JB: And we are interested in thinking about the process at our organization. That’s how many artists work. We really want to invest in the process. The spirit of design thinking is about inquiry and asking questions. And this fits quite closely with the Gallery’s artistic program. We are modeling an inquiry-based approach and embedding that into all of our activities. The very act of asking a question is an invitation to participate and respond.

DMS: I love that notion of design thinking as an invitational, inquiry-based approach. I don’t know if I’ve heard that before.

JDK: You know, until you experience design thinking, you just think that it’s a bunch of hokey whatever. But once you experience it and start asking questions, it’s like, “Wow, I never thought of that!” New ideas start forming. You start exploring ideas from different angles.

Empathy map

An empathy map for a visitor named “Art.” Image courtesy Nanaimo Art Gallery.

DMS: So what did you do in your design thinking sessions?

JDK: In the first gathering of the group, we worked to get them to think about how their audiences experience the creative cultural sector. We developed an Empathy Map and everyone put themselves in the shoes of an audience member and examined what their experiences look and feel like, and what their challenges are. Then we broke into teams to do brainstorming activities to consider what our audiences are currently experiencing, and what we hope to have them feel and experience in our organizations.

DMS: And how did it go?

JB: People really enjoyed the process and we learned more about each other’s work. It was a nice way to take conversations in positive, new directions without getting bogged down with limitations, objections, and minutiae. After that, the group met monthly and dug in more deeply. We talked with people in the community along the way to get their feedback around an identity and brand that could work like an umbrella to promote all of our organizations.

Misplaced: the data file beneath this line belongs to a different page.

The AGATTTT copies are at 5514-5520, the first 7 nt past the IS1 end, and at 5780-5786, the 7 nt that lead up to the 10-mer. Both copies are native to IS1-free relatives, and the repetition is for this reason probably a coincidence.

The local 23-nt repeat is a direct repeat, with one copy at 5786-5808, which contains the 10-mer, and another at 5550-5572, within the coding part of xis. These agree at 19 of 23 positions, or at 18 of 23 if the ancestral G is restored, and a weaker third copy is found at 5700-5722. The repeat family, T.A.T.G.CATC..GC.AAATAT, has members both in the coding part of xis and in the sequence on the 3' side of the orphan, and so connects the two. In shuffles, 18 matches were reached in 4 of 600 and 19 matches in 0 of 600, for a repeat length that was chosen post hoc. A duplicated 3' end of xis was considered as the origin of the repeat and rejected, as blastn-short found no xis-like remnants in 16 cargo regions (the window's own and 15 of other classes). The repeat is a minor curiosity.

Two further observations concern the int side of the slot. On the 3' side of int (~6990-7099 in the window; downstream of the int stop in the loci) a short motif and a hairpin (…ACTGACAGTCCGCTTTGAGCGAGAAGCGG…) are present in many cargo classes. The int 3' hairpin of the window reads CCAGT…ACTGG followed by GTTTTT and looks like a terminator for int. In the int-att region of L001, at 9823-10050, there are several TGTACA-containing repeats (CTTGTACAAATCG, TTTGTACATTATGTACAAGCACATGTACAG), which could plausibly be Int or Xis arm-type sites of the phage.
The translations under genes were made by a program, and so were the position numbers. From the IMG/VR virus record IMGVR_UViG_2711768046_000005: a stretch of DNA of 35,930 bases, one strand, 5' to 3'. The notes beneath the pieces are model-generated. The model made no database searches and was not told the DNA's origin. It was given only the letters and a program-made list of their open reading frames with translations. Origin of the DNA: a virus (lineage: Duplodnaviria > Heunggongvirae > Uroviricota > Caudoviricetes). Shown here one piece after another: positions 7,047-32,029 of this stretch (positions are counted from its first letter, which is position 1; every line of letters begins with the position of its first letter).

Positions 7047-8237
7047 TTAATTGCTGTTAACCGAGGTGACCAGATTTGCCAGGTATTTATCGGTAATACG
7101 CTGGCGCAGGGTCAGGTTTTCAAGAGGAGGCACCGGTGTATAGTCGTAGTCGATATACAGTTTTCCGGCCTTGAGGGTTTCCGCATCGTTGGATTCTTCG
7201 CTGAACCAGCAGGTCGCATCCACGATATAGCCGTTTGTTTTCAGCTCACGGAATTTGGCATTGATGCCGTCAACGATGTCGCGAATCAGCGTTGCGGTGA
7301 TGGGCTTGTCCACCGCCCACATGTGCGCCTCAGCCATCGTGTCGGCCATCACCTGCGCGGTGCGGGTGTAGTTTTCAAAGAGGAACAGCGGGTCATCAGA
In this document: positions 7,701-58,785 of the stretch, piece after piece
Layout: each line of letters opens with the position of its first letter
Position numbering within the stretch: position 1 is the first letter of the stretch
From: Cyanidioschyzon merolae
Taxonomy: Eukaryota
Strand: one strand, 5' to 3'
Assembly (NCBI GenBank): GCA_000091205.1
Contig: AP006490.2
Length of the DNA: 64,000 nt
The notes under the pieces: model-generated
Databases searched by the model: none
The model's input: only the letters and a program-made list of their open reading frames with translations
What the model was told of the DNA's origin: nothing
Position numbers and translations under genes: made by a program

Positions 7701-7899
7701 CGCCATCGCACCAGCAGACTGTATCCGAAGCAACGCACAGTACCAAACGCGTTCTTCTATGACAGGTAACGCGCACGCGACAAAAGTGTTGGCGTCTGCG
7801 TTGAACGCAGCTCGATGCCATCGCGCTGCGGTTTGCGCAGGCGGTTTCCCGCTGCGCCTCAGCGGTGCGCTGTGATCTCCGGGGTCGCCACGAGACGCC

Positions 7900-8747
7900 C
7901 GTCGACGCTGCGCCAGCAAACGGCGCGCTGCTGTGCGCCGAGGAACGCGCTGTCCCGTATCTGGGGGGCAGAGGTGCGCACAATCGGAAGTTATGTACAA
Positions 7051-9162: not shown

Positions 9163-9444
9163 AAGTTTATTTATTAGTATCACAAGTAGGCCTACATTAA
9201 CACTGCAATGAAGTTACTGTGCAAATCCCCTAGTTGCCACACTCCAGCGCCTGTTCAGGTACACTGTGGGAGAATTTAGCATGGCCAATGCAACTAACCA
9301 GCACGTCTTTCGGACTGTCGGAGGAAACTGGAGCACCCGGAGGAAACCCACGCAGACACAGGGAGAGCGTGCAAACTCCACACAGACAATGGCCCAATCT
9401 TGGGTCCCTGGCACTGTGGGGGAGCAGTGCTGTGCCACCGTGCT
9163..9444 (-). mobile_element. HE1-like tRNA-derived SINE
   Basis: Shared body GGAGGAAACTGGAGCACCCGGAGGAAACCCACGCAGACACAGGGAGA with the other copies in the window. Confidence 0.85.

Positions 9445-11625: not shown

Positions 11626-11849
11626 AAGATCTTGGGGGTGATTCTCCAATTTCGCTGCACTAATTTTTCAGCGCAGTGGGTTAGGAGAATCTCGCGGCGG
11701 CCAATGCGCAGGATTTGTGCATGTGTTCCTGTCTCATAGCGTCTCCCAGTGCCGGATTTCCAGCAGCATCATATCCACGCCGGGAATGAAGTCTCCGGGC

Design thinking session at Nanaimo Art Gallery

Design thinking working session with the Cultural Manager’s Working Group. Image courtesy Nanaimo Art Gallery.

DMS: What kind of insights did you arrive at?

JB: One of the insights we had was that while a lot of these organizations are recognized outside Nanaimo, the local community could be more aware of what our arts and culture organizations offer, and the ways our work contributes to the cultural, social, and economic vitality in our region. So we learned that we needed to consider our communications to specific community stakeholders and provide them with different kinds of tools and language, and forge partnerships with organizations working to promote tourism and economic development.

DMS: What is happening now?

The organizations are continuing to work together quite closely. We launched the project we developed collaboratively, Love Arts Nanaimo, in the spring, and it’s had successes and failures.  We are re-grouping in the next couple of weeks to talk about what’s next. t

We have an advantage at Nanaimo Art Gallery in that we are small and nimble and we can experiment. We can try things and shift and pivot.

Julie Bevan

DMS: Are you using any design thinking strategies for other projects as well?

JB: Yes, definitely. Going forward, at Nanaimo Art Gallery, we are planning to work with Jackie in early 2018 to apply design thinking to questions related to visitor experience and map the direct and indirect ways the communities we serve access the Gallery. Our team at the Gallery is also embarking on the creation of a digital strategy in 2018, in conjunction with two other art galleries in British Columbia, and design thinking is a tool that we could potentially use there too.

We have an advantage at Nanaimo Art Gallery in that we are small and nimble and we can experiment. We can try things and shift and pivot. While we may have fewer resources than a place like the Smithsonian, we can embed new ways of working and create an organizational culture where curiosity and learning are prioritized.

The process and principles of design thinking are not intimidating. It’s scaleable, it’s energizing, and ultimately, it’s about asking questions and exploring ideas from multiple angles.